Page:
Aleve is an over-the-counter medication for people, which is usually used to relieve pain or reduce inflammation. While safe when used as directed in people, never give Aleve to kitties. Aleve contains the active ingredient naproxen, a chemical which is very toxic to our feline friends.
Aleve is a nonsteroidal anti-inflammatory drug that comes in many forms, including caplets, tablets, gelcaps and liquigels, according to the medication's manufacturer Bayer Healthcare. All of these forms each contain 200 mg of naproxen, the active ingredient in the medication, along with 20 mg of sodium. Both of these ingredients, especially naproxen, are poisonous to cats and can be fatal if your furry buddy ingests them, warns the American Society for the Prevention of Cruelty to Animals. Because kitties are very sensitive to naproxen, if they ingest any amount of this medication, even a small amount, it can be toxic.
A kitty who ingests all or part of any type of Aleve may experience vomiting or diarrhea, both of which could contain blood, according to the Pet Poison Helpline. He may also experience lethargy, weakness, seizures, loss of appetite, dehydration and pale gums. These effects can show up within an hour or a couple of days after your kitty eats the medication. Naproxen can damage the stomach and kidneys of your furry friend, leading to stomach ulcers, perforation of the stomach and kidney failure resulting in death, according to Vetstreet. This is why getting to a vet as quickly as possible is so important after your kitty ingests Aleve or a similar medication containing naproxen.
What To Do
If you think that your feline friend has gotten his paws on an Aleve tablet and eaten it, visit your vet immediately because this is a true medical emergency. While there is no antidote to naproxen in kitties, your vet can induce vomiting to rid your furry friend of the medication from his system if you get to the vet right after ingestion. She may also administer activated charcoal to your little one to prevent absorption of the medication and fluids to clear it out of his system as well, according to "The Merck/Merial Manual for Pet Health." To properly diagnose any damage the Aleve could have already done to your kitty's system, your vet will likely perform some blood tests. She can also provide supportive care for your little one to treat any of the serious side effects of naproxen ingestion, such as stomach or intestinal ulcers or kidney damage.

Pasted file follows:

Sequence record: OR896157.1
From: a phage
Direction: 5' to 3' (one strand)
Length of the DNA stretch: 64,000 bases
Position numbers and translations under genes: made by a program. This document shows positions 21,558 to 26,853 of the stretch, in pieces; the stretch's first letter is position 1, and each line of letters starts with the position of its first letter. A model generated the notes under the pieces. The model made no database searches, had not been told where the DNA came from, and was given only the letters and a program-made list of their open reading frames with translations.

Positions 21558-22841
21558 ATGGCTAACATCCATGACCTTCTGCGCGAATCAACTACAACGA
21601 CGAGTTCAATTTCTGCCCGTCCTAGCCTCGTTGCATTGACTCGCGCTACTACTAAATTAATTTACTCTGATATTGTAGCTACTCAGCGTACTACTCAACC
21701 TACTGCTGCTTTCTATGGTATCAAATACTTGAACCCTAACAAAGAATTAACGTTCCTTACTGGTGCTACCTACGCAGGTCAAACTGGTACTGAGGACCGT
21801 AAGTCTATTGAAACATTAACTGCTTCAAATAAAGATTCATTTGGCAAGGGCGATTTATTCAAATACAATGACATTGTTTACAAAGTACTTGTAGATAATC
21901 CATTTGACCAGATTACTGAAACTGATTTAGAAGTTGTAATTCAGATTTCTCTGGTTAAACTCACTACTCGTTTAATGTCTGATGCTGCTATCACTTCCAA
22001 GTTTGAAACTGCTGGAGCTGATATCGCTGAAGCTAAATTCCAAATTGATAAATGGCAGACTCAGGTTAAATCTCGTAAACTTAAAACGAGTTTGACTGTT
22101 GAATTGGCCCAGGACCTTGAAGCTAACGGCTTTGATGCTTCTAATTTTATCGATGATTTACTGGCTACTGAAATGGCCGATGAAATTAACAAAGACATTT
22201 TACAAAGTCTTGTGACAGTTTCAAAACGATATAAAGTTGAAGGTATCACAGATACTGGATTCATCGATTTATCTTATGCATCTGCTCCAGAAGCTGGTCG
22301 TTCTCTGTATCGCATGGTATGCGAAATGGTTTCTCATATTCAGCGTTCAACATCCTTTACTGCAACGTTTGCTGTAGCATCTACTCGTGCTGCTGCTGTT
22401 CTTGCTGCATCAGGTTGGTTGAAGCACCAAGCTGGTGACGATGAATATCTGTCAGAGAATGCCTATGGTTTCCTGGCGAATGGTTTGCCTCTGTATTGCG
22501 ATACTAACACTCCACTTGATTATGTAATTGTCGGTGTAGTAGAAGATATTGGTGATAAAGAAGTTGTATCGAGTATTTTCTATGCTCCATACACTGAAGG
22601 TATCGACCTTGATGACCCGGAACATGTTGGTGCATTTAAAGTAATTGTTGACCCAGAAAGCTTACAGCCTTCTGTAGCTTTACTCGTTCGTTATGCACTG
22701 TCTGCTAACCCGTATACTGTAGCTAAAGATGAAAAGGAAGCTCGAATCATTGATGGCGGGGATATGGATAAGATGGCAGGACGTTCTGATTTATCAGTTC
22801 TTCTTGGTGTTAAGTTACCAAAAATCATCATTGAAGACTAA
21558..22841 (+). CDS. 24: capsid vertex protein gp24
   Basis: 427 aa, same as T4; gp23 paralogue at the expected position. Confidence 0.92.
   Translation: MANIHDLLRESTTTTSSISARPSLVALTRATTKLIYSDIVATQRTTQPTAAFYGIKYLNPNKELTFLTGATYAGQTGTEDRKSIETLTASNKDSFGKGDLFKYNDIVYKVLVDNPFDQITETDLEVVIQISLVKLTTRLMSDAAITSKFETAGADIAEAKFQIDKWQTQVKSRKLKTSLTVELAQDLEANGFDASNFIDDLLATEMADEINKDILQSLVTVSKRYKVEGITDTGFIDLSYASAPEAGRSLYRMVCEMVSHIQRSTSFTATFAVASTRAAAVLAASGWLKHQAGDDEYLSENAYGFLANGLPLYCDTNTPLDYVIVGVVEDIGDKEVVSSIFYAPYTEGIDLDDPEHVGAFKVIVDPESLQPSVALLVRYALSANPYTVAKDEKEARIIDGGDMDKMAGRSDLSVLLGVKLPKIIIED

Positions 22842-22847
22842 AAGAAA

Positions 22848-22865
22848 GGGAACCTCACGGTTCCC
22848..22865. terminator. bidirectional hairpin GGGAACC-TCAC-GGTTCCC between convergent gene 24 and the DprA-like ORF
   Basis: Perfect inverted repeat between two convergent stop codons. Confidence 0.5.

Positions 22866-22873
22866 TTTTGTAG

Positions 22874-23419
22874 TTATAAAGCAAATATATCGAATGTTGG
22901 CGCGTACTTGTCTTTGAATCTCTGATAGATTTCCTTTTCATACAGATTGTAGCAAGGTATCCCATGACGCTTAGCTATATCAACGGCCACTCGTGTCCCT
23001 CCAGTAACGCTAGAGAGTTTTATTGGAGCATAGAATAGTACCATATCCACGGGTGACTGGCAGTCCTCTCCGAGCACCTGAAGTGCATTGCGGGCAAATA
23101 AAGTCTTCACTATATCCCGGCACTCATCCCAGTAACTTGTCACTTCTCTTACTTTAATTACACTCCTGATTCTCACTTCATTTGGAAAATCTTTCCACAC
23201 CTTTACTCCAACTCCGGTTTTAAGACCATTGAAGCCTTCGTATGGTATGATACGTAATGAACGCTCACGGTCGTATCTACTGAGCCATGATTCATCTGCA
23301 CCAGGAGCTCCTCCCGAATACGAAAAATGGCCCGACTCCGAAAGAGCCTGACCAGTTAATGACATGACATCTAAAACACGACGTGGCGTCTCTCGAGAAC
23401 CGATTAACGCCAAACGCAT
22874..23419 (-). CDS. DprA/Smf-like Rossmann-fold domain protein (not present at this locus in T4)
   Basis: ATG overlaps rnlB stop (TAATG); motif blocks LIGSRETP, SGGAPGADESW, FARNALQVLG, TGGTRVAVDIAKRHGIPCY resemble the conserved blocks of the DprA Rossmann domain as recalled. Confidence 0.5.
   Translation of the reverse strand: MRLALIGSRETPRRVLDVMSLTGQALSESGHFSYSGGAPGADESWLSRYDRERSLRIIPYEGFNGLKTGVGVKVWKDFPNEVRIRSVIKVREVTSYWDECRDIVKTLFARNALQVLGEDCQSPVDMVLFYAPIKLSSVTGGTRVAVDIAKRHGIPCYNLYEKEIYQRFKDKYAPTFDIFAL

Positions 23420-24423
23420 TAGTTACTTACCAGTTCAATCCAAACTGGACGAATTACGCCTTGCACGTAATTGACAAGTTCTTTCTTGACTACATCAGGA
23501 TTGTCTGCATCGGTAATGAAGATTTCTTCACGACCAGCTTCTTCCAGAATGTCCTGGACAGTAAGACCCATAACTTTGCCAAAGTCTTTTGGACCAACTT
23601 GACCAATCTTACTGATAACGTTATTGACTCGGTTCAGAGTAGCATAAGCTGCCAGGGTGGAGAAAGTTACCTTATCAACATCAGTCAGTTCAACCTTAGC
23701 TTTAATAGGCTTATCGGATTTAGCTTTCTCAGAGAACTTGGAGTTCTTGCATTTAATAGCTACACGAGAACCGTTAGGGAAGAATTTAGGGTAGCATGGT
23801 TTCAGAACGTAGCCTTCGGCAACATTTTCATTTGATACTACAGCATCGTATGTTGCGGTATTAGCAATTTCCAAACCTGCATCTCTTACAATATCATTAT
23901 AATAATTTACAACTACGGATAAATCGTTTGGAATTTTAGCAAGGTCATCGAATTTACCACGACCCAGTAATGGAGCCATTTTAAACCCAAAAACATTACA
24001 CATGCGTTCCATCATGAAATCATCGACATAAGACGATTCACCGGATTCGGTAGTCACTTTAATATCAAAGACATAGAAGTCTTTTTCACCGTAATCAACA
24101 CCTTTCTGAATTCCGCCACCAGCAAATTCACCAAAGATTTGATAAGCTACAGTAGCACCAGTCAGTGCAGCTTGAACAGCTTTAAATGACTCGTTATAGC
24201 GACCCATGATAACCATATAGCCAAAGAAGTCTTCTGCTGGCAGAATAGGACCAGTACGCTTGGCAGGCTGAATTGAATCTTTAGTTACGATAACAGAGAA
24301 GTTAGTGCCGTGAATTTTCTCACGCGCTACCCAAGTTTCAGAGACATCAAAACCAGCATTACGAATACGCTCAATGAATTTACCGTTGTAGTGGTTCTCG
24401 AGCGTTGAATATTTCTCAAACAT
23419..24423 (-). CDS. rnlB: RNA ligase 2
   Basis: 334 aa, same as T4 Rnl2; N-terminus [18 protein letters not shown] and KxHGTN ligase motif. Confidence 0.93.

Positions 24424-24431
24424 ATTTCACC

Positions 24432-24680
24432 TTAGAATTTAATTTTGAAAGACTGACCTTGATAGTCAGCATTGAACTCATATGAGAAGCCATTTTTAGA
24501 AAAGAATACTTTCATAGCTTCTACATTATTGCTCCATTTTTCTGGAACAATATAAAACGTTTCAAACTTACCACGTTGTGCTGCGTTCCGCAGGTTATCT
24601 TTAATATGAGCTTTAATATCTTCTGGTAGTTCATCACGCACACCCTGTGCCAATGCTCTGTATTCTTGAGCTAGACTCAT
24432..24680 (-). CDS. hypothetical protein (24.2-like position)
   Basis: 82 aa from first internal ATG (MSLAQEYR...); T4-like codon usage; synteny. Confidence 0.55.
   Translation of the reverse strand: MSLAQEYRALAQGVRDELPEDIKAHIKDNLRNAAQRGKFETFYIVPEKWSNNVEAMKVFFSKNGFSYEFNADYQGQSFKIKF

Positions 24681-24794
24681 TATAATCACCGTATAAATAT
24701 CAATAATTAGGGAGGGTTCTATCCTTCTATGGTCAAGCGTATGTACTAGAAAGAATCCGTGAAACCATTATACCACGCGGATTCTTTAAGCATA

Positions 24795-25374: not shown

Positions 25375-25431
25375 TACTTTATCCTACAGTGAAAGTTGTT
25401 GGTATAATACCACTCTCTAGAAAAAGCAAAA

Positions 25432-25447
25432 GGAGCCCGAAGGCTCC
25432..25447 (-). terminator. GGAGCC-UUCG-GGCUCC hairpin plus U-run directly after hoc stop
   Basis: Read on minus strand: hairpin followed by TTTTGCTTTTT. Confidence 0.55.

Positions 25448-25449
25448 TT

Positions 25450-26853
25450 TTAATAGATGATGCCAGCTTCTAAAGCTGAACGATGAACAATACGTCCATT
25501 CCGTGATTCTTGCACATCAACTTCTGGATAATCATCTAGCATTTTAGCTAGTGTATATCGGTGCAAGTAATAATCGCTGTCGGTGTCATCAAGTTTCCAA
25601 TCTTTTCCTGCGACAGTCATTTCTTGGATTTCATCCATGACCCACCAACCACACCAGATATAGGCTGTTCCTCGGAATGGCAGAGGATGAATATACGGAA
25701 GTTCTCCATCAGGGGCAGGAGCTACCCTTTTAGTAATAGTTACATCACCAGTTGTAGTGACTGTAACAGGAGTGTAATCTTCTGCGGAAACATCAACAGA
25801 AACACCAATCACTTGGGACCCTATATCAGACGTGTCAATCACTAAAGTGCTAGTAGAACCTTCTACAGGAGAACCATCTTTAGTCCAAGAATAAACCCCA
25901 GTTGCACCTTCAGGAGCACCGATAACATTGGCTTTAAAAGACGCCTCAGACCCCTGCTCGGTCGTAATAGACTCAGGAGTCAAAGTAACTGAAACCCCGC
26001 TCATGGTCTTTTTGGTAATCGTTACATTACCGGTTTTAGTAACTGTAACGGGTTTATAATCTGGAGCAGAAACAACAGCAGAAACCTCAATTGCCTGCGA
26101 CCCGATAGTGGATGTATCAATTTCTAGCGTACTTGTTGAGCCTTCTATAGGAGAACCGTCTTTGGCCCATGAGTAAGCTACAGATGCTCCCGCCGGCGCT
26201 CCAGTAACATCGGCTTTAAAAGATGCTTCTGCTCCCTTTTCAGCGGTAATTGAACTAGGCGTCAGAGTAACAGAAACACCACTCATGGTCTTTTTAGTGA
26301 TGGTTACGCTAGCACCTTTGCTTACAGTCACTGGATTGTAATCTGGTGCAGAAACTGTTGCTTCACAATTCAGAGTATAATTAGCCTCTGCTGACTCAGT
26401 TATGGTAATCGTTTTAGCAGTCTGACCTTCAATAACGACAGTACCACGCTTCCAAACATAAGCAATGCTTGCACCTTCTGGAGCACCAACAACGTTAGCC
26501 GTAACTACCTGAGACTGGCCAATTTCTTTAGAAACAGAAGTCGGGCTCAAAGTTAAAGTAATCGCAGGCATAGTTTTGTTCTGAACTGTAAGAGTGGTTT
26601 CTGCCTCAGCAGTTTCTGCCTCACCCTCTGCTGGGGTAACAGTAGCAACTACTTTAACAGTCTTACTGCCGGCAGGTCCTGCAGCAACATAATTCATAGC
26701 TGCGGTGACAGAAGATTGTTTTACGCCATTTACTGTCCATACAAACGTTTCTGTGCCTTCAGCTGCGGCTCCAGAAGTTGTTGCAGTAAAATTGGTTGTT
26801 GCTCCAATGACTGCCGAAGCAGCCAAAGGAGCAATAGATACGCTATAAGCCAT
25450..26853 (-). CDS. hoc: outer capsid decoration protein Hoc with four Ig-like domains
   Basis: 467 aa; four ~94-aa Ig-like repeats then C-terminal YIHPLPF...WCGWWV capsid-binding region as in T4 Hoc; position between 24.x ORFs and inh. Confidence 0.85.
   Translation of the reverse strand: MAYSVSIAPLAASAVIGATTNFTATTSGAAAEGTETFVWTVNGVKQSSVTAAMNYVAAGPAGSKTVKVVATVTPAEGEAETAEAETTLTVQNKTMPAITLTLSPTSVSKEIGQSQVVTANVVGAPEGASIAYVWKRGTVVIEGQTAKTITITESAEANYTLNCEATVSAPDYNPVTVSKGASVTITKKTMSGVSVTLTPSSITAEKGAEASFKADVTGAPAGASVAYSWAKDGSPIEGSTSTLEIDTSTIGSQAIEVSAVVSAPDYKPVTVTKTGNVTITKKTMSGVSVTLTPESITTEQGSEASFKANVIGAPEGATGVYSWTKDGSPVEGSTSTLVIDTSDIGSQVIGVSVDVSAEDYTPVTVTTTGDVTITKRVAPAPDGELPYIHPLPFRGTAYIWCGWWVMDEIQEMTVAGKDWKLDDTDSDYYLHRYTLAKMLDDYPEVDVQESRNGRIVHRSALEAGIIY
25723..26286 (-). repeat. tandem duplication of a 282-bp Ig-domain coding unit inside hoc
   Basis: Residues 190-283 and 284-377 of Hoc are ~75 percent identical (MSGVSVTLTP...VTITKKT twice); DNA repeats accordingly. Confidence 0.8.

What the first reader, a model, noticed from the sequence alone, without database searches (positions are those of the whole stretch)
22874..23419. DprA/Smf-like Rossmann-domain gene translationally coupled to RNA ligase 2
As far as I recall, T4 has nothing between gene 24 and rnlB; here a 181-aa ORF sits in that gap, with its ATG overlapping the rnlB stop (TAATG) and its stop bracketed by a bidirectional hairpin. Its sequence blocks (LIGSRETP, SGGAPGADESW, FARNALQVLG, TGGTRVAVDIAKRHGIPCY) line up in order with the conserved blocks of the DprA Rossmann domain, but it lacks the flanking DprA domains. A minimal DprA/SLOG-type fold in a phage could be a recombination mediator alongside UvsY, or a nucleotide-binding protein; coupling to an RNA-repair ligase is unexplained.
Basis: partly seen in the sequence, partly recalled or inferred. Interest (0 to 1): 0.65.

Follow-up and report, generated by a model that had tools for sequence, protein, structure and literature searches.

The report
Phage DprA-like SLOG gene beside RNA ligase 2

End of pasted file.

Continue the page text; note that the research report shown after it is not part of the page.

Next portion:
Keep your medications, including Aleve, away from the reach of your kitty and in a secure medicine cabinet. Never leave any pills lying around your home where your furry friend can get his little paws on them. If you believe that your kitty is in pain or discomfort, consult with your vet about what medications would be safe to give to him. While you might want to soothe his pain with a human medication like Aleve, doing so will only lead to possibly fatal consequences. If you think that your furry friend has somehow ingested any Aleve, always see your vet immediately because there is no way to treat this condition at home. Your furry friend will need vet care and possibly hospitalization to deal with the effects of this medication on his system.
- PetPlace: Naproxen Toxicity in Cats
- Pet Poison Helpline: Naproxen
- American Society for the Prevention of Cruelty to Animals: Top 10 Human Medications That Poison Our Pets
- American Society for the Prevention of Cruelty to Animals Professional: VLPP Newsletter, Fall 2007
- Vetstreet: Ibuprofen and Naproxen Toxicity
- The Merck/Merial Manual for Pet Health: The Complete Health Resource for Your Dog, Cat, Horse or Other Pets -- in Everyday Language; Scott Line and Cynthia M. Kahn
- PubMed Health: Naproxen
- Bayer Healthcare -- Aleve: Frequently Asked Questions
- American Society for the Prevention of Cruelty to Animals: People Foods to Avoid Feeding Your Pets
- Creatas/Creatas/Getty Images